Thursday, July 11, 2013

Rolling stone: helping Mongolian families with a mobile kindergarten

Erka holds up her picture of raindrops in the ger kindergarten classroom
© UNICEF Mongolia/2013/Andy Brown
Six-year-old Erbenebayar, or ‘Erka’ for short, lives with a semi-nomadic herder family in the remote Khuvsgul province of Mongolia. They are based in a bagh (small district) around 20 kilometres from the nearest settlement, Tsagaan-Uur soum (village). There are no proper roads. Erka’s parents have to look after their livestock and cannot take her to the soum centre every day. Luckily, there is a mobile kindergarten nearby that she can attend.

“I like coming to the kindergarten,” Erka says. “I enjoy singing songs, playing with puzzle games and reading poems. My favourite poem is about a baby chicken and my favourite song is about getting an excellent mark at kindergarten. Yesterday I got an excellent mark for my drawing. My best friend is Namuun. She’s the teacher’s daughter.”

The kindergarten is in a traditional Mongolian ger (tent), with a thick quilted lining and a carpet on the floor. Children’s pictures are pinned to the wooden frame. Outside it is raining and heavy clouds blanket the hills. The ger is pitched in the middle of a wide, flat valley. Some children arrive on foot, with older brothers carrying them across a river. Others arrive with their parents on horseback, motorbike or tractor.

The ger was supplied to the soum by UNICEF Mongolia, fully equipped with toys, learning materials and furniture. It is run by Dolzodmaa, a teacher from the main kindergarten in the soum centre, who now spends the summer taking the ger around the baghs linked to the soum. Currently, 24 children attend the ger kindergarten.

The mobile ger kindergartens are a unique solution to the problem of providing education to a nomadic population. They function in rural areas from June to August and, where weather permits, from May to November. As well as providing early childhood education, they give children the opportunity to socialise with others. In Mongolia, herder families live spread out over a wide area and can be very isolated, particularly in the winter when the days shorten, temperatures plunge and heavy snow piles up outside. The gers also give teachers better access to parents, and allow the parents to go out and work, tending their livestock and preparing for the next winter.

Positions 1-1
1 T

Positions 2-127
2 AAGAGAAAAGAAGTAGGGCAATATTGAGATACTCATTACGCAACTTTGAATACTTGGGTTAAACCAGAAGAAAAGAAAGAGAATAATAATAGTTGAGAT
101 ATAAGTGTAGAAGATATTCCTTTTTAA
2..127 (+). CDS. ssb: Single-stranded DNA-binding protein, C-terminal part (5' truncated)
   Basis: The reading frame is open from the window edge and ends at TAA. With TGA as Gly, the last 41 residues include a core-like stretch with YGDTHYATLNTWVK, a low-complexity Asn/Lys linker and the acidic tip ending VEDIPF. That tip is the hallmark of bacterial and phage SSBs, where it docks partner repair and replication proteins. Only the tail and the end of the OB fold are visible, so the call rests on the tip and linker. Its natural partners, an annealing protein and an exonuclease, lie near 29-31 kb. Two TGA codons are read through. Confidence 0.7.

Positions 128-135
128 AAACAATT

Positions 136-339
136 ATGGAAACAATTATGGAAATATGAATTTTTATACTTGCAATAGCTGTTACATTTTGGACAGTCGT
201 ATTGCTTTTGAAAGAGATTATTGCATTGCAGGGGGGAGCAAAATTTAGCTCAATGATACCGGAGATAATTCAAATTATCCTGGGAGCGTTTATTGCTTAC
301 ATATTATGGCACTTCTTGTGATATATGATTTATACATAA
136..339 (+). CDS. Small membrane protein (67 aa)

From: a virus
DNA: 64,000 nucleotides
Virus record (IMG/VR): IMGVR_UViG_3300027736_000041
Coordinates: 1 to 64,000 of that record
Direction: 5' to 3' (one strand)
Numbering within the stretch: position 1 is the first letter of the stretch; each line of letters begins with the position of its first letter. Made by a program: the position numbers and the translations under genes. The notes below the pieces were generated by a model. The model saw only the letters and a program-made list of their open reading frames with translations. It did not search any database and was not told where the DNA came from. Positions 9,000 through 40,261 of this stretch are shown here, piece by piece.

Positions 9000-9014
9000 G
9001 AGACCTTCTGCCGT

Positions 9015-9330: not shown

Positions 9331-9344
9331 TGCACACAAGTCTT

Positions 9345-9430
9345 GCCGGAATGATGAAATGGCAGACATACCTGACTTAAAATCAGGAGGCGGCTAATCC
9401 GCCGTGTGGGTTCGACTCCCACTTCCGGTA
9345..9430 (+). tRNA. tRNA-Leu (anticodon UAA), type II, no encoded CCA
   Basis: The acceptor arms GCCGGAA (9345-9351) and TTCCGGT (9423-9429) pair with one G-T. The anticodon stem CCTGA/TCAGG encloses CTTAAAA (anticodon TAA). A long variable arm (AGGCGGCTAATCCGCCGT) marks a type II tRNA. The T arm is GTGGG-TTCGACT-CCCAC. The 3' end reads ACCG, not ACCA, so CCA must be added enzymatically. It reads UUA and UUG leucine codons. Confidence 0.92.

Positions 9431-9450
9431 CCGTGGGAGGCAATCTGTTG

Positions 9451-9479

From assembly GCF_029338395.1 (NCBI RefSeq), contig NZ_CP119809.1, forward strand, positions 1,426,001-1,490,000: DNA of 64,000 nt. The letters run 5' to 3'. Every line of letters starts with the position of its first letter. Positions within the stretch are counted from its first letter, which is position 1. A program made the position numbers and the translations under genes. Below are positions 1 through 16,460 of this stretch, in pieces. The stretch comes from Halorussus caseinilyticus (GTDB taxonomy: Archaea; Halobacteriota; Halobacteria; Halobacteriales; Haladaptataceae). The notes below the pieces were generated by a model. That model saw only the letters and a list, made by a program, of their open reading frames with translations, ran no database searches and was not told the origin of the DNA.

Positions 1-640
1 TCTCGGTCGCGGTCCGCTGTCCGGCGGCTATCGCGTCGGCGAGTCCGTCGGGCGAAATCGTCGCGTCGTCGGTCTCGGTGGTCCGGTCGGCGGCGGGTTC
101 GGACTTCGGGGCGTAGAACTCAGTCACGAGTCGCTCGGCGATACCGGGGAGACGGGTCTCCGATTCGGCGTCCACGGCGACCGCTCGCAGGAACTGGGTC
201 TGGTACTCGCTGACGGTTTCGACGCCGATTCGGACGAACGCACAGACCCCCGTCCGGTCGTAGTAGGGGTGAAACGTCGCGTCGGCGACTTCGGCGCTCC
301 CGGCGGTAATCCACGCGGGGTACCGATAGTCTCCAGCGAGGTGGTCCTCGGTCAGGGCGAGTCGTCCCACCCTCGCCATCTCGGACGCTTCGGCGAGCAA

“The facilities here are more basic than in the soum centre so we concentrate on teaching the children to interact and socialise,” Dolzodmaa says. “This is their main opportunity to meet strangers, make friends and express themselves. Today we talked about weather in the summer season. The children learned a poem about a rainbow and made pictures of raindrops. There was a big thunderstorm last night and some of the children were scared, so it’s helpful to talk about it.”

Little house on the prairie

Erka rides a horse with her father Ulziiochir outside their family home
© UNICEF Mongolia/2013/Andy Brown
Erka faces a double disadvantage. As well living in a remote rural area, she is disabled. She contracted polio at just four months old and was left with a damaged right arm and leg and difficulties communicating. She was given up by her mother, a single parent who couldn’t cope, and adopted by her current family.

The family live in a small log cabin further down the valley. This is their summer home, close to the pasture where their livestock graze. Although small, the house is clean, well-furnished and comfortable. There are many toys and books, and a stove where Erka’s mother Oguuntsetseg is preparing noodles with dumplings and traditional Mongolian milk tea. Her father Ulziiochir comes in from working outside.